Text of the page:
While the CVNM staff was busy at the Roundhouse working with our legislative champions to protect New Mexico’s air, land, and water, the CVNM Board of Directors conducted a rigorous national search for our next Executive Director. As many of you know, longtime director Sandy Buffett has moved on to new endeavors. For eight years, Sandy made outstanding contributions to New Mexico’s environmental and political landscapes, and we wish her all the best.
The good news is that we have hired a dynamic new executive director, Demis Foster. She will join the CVNM team on April 29. It is a pleasure to introduce you to Demis, an energetic leader with over 20 years of experience working for environmental projects and conservation campaigns across the West.
Most recently, she served as the Santa Fe Director and fundraising lead for the New Mexico Wilderness Alliance. A self-described “political junkie,” Demis has extensive experience building, funding, and marketing campaigns and programs to protect landscapes, wildlife, and natural resources. Previously, she was an account manager for PRR, an award-winning public relations agency in Seattle, executive director of the Hazel Wolf Environmental Film Network, campaign director for Conservation Northwest, and sales and marketing director of the Olympic Park Institute.
Under Demis’s leadership, CVNM is poised to become an even stronger environmental and political powerhouse. Please help us welcome her aboard.
Sarah Cottrell Propst
CVNM Board Chair
A veteran conservationist, Demis Foster joins CVNM as our new executive director after more than two decades of experience as a grassroots organizer, environmental advocate and consultant.
Demis comes to CVNM from the New Mexico Wilderness Alliance where she served as the Santa Fe Director overseeing major donor fundraising, organizing campaigns to protect public lands and leading unique wilderness trips.
Demis grew up on a four-generation family ranch in southern Idaho. She spent her childhood exploring the high desert by horseback where she developed a lifelong love for wildlife and nature. In the shrub steppe desert that unfolds next to the Boise National Forest, she nurtured a deep appreciation for the land and water that sustained all the families in her rural farming community.
While earning a bachelor of arts in English and creative writing from Boise State University, she worked for the Wolf Recovery Foundation—the first organization in Idaho dedicated to the restoration of wolves in the Rockies. After graduating with honors, she moved to the Pacific Northwest where she spent the next 18 years working on environmental issues while exploring the backcountry of the Olympic and Cascade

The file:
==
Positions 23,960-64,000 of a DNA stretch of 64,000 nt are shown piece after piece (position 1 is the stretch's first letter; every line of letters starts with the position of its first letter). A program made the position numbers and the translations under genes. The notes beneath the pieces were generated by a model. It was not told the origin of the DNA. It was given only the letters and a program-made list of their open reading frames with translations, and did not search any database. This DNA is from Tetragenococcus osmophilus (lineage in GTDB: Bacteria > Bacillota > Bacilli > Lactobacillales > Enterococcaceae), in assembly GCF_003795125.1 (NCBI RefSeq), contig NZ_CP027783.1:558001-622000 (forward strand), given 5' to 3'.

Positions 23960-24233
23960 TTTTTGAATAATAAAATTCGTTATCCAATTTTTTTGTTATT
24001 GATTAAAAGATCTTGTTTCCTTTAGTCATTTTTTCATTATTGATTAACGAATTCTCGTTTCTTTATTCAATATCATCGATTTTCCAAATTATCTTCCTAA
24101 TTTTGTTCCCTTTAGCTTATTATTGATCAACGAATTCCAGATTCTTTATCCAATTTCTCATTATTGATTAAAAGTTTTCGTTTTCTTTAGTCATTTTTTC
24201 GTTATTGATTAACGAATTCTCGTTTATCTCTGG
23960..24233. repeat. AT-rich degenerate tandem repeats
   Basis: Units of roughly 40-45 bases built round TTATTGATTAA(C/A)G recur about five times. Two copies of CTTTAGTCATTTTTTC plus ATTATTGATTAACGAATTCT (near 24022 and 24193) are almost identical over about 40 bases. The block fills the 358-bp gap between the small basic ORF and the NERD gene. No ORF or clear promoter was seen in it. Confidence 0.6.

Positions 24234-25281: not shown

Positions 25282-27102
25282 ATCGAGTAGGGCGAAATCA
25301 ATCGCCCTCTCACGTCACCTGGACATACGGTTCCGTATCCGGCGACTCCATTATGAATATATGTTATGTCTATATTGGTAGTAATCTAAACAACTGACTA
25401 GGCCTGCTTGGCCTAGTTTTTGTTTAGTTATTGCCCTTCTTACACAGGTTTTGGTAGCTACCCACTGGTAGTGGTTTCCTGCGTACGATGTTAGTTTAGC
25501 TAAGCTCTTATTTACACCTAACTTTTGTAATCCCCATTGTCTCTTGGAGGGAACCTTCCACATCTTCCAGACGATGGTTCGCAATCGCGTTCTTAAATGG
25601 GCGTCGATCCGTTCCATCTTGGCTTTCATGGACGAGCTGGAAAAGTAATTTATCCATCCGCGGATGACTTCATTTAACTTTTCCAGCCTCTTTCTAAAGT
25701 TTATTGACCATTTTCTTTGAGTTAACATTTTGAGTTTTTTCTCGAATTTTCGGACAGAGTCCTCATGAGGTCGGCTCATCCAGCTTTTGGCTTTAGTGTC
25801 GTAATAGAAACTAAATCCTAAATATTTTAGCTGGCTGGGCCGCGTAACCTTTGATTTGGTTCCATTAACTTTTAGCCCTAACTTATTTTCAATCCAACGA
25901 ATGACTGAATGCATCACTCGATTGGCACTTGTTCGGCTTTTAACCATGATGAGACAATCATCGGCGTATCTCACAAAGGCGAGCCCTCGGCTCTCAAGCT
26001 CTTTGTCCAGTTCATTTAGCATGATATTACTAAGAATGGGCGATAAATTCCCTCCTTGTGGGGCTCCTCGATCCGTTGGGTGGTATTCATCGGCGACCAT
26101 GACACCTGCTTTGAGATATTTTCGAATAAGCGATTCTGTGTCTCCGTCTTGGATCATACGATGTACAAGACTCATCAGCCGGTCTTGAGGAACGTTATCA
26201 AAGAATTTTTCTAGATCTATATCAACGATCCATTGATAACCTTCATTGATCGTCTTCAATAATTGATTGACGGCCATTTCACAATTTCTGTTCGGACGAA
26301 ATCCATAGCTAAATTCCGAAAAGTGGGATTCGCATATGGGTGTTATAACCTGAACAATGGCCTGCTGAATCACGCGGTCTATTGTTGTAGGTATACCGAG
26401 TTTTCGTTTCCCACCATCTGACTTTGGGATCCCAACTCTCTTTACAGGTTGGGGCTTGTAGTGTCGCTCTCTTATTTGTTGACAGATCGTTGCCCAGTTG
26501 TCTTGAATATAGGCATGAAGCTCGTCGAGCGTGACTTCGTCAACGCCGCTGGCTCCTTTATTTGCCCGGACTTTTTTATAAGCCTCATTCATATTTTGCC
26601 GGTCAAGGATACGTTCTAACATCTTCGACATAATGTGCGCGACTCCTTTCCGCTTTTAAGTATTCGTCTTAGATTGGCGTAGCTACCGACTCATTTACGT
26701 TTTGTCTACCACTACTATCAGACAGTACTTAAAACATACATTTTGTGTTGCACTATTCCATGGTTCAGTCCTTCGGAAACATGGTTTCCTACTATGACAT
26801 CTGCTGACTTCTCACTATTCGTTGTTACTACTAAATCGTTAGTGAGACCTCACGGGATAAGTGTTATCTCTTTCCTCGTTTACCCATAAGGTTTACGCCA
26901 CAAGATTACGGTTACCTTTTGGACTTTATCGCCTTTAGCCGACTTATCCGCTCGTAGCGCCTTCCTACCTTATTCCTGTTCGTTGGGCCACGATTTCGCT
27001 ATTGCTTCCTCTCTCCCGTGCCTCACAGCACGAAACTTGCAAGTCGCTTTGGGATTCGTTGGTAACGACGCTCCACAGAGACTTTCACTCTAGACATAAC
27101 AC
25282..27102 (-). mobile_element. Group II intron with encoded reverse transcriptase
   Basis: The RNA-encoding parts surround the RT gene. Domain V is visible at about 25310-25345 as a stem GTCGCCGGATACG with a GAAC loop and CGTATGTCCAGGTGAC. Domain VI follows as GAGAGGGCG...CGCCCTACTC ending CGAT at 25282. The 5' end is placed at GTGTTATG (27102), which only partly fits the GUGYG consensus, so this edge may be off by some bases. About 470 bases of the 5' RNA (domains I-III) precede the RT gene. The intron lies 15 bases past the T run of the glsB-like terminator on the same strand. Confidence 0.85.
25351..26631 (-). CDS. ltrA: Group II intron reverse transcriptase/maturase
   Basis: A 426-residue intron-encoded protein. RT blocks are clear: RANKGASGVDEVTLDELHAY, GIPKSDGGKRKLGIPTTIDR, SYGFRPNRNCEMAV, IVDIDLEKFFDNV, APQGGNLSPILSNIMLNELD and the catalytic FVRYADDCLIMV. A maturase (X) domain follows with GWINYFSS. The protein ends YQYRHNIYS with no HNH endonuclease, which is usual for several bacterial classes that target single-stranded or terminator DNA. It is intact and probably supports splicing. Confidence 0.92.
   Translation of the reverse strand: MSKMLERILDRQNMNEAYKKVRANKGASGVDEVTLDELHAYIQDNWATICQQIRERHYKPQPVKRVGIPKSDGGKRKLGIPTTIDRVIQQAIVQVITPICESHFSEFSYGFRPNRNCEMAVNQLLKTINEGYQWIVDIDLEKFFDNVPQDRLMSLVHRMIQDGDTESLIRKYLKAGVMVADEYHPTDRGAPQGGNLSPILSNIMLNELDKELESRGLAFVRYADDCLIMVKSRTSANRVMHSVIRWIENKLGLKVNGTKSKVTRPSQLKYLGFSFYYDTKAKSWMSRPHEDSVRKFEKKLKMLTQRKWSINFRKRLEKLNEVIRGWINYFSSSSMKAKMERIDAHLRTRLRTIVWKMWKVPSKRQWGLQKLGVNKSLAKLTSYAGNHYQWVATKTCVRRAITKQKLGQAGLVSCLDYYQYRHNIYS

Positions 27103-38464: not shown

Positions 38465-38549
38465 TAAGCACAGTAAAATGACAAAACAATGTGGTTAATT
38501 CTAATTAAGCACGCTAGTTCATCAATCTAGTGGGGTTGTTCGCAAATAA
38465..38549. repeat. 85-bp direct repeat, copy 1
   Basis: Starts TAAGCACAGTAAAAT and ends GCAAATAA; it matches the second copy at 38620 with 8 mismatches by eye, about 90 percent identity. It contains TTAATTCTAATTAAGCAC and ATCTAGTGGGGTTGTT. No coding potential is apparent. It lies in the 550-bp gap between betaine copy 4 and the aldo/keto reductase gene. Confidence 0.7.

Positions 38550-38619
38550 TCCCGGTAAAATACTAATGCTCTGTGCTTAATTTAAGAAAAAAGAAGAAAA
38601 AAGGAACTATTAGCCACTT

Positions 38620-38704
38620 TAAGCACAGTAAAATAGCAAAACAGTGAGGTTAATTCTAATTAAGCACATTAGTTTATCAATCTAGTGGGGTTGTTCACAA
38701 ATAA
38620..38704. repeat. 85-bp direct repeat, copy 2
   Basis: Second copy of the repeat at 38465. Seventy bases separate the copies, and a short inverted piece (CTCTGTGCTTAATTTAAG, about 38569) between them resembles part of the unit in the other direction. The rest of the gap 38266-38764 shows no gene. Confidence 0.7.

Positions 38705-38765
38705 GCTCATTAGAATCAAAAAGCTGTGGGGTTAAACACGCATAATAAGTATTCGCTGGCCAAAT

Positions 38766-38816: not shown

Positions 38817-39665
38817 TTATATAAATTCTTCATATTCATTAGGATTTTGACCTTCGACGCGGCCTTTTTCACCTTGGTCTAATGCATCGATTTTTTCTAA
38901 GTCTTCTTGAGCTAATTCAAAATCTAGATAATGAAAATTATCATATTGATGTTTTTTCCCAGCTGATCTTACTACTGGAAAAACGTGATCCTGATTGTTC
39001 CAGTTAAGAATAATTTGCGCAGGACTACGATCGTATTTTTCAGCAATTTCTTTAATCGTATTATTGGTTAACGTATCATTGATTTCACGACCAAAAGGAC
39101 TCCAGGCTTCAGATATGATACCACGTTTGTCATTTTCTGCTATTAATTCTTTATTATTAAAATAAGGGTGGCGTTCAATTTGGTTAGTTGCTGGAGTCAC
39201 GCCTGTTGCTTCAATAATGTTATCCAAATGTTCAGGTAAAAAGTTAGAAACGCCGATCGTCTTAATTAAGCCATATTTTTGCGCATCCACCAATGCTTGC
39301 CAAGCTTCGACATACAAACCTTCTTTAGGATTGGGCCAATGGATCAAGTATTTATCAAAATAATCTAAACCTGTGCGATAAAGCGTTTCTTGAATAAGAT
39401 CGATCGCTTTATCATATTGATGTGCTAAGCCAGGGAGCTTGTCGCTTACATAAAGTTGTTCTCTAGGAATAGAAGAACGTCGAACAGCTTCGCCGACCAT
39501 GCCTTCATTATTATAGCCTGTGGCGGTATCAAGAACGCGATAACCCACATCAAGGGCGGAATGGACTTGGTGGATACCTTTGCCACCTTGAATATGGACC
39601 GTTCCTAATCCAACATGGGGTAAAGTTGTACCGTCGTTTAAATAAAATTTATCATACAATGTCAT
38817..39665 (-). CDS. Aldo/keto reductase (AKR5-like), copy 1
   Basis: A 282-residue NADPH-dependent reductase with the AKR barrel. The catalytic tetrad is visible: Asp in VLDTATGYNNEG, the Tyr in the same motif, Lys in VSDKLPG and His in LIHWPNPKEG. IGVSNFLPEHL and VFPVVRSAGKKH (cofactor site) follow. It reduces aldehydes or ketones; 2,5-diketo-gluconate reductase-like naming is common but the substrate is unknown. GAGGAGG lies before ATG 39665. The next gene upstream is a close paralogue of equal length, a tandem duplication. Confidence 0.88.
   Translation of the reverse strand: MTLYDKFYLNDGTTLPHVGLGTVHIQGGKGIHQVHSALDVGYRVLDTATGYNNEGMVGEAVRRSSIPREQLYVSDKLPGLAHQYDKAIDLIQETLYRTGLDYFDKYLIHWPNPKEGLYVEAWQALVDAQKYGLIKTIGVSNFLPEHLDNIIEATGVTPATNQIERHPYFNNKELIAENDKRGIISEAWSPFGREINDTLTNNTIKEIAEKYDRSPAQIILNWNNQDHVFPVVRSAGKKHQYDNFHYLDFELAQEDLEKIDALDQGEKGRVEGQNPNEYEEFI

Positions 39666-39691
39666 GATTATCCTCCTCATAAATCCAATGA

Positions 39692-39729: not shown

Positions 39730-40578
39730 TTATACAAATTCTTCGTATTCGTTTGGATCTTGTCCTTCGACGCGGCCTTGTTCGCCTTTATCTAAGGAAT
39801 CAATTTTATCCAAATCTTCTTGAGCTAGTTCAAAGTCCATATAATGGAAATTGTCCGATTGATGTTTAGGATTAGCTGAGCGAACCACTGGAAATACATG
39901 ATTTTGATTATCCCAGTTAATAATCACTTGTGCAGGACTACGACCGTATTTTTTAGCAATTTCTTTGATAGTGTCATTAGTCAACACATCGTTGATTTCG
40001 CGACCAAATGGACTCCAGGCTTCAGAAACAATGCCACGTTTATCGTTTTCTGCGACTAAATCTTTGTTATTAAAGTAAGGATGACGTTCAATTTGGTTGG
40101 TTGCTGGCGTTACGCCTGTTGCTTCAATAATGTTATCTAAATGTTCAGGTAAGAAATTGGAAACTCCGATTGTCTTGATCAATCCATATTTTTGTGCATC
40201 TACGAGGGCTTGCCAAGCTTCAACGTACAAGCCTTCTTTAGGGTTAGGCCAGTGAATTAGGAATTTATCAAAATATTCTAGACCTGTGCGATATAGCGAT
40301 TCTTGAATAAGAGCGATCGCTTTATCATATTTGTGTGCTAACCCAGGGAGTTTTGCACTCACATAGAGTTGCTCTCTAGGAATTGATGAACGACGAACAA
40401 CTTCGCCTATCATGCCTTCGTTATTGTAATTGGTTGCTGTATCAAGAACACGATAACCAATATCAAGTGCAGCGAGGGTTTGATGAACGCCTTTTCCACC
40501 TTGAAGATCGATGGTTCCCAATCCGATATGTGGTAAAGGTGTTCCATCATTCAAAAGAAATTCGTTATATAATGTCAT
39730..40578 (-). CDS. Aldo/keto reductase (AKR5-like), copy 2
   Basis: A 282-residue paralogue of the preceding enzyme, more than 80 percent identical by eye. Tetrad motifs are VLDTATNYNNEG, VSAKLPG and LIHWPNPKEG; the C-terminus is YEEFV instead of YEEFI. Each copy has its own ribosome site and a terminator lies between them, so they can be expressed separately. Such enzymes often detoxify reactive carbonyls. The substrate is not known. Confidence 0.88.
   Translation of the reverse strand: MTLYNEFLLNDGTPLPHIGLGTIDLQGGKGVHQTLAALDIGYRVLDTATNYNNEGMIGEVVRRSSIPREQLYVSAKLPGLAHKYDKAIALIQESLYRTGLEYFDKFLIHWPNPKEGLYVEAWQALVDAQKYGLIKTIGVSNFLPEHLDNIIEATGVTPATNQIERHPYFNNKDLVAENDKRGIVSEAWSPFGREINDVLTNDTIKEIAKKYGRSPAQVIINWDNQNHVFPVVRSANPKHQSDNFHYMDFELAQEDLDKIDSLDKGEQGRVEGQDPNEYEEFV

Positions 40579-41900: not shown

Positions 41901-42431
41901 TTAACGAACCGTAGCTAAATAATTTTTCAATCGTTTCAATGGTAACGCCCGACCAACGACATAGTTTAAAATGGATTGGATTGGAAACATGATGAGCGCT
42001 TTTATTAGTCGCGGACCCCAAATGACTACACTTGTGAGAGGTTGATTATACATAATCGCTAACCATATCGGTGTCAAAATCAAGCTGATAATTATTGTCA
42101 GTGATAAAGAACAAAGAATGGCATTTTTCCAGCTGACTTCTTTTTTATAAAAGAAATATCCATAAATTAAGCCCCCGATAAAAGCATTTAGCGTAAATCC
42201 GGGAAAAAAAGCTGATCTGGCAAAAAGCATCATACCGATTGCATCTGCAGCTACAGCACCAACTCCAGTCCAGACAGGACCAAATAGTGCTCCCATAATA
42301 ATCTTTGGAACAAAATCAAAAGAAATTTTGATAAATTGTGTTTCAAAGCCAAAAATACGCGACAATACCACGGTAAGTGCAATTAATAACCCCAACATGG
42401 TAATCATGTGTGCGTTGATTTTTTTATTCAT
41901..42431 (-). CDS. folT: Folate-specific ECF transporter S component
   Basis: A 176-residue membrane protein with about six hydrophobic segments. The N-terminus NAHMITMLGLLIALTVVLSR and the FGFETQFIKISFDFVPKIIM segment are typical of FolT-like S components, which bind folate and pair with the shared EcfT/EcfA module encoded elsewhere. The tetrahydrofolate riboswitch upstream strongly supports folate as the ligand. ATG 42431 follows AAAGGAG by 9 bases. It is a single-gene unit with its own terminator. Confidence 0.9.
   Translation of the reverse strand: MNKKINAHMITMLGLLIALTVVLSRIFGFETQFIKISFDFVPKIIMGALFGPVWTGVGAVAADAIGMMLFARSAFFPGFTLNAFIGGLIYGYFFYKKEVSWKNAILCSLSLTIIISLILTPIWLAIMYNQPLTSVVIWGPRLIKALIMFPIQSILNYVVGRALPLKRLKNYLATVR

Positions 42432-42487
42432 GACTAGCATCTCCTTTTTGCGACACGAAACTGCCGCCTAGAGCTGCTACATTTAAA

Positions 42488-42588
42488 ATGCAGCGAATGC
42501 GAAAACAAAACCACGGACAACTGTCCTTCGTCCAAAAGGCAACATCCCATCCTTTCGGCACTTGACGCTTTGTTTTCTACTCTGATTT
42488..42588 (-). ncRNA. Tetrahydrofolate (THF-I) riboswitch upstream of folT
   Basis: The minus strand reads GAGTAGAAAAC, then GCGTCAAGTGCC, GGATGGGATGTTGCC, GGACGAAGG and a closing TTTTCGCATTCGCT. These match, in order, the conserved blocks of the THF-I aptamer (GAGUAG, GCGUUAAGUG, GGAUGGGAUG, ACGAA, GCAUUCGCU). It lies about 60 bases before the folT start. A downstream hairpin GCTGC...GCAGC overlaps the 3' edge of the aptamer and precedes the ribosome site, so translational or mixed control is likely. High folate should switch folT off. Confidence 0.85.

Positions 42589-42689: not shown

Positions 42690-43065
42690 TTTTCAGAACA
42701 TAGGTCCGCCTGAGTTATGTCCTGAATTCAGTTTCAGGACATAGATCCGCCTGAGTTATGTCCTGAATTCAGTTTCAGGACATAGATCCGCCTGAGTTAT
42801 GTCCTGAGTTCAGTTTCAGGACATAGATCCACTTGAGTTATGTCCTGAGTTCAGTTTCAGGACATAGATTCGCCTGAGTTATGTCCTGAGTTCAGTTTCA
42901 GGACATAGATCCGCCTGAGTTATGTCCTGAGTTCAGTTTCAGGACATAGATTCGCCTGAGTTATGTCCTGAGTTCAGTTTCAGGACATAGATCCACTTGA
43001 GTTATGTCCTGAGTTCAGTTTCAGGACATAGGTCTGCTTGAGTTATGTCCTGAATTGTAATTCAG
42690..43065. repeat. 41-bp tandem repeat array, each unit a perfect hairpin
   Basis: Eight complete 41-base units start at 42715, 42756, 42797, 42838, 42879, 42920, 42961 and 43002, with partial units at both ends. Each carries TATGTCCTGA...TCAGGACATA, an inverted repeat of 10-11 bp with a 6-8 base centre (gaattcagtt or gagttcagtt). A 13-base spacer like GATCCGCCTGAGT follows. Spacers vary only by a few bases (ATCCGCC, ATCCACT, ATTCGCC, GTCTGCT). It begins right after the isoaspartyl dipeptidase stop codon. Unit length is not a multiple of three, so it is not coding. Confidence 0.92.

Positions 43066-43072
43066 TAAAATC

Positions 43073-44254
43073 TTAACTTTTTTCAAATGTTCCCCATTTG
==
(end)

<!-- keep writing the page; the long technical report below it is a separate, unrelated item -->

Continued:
Demis has worked to educate and inspire people to action through a broad range of
projects and campaigns in the public, private and non-profit sectors.
Demis has a long history of working on successful land protection campaigns from stopping logging in the Cedar River Watershed—Seattle’s drinking water source—to helping raise $16 million in private funds to protect 45,000 acres of wildlife habitat in the Cascades.
In 2004, Demis was awarded the National Leadership Award for outstanding leadership in protecting public lands for her work as the Director of the Ancient Forest Roadshow—a year-long outreach tour with two teams traveling across the nation with a 1,000-lb. crosscut section from an old-growth Douglas Fir tree.
An avid outdoor adventurer, Demis moved to New Mexico in 2010 to explore some of the last wild and remote public lands remaining in the West. She was drawn not only to the unique natural landscape, but also to the culturally rich communities of people that have been rooted to these lands for generations. A passionate advocate for protecting her high desert home, Demis has worked hard to ensure protection for places such as Chaco Canyon and our newly designated Rio Grande del Norte National Monument near Taos.
By Javier Benavidez, CVNM Education Fund Board Member, published in the Santa Fe New Mexican on March 26, 2013.
In New Mexico, we are rightly proud of our exceptionalism. Our diverse blend of cultures (Spanish settlement dating back more than 400 years and Native American roots that run even deeper) makes us unique. However, more recent trends to buck the mainstream and roll back common sense safeguards for our water resources are troubling.
Despite a national trend toward improved air and water quality regulation of oil and gas drilling, our state officials appear poised to weaken requirements on waste pits used to hold fluids and other toxic byproducts of oil and gas drilling operations. Improper construction and management of these pits is one of the biggest threats the oil and gas industry poses to underground drinking water aquifers. By weakening the pit rules, New Mexico would expose underground drinking water supplies to pollution at a time when worsening drought is making these pristine aquifers all the more precious.
This wasn’t always the case. In 2008 – after an 18-month stakeholder process and weeks-long public hearing – the state implemented some of the nation’s best regulations of waste pits. These rules were based on more than 400 cases of groundwater contamination from faulty pits documented by the state. The rules required that pits be lined to prevent leaks, promote the use of closed-loop or “pitless” drilling systems, and mandate the disposal of wastes at approved facilities. Other states, including neighboring Colorado, soon followed our lead and passed their own more protective pit rules.
Unfortunately, while our neighboring states have and continue to strengthen requirements on the oil and gas industry which better protect the environment, New Mexico is in retreat.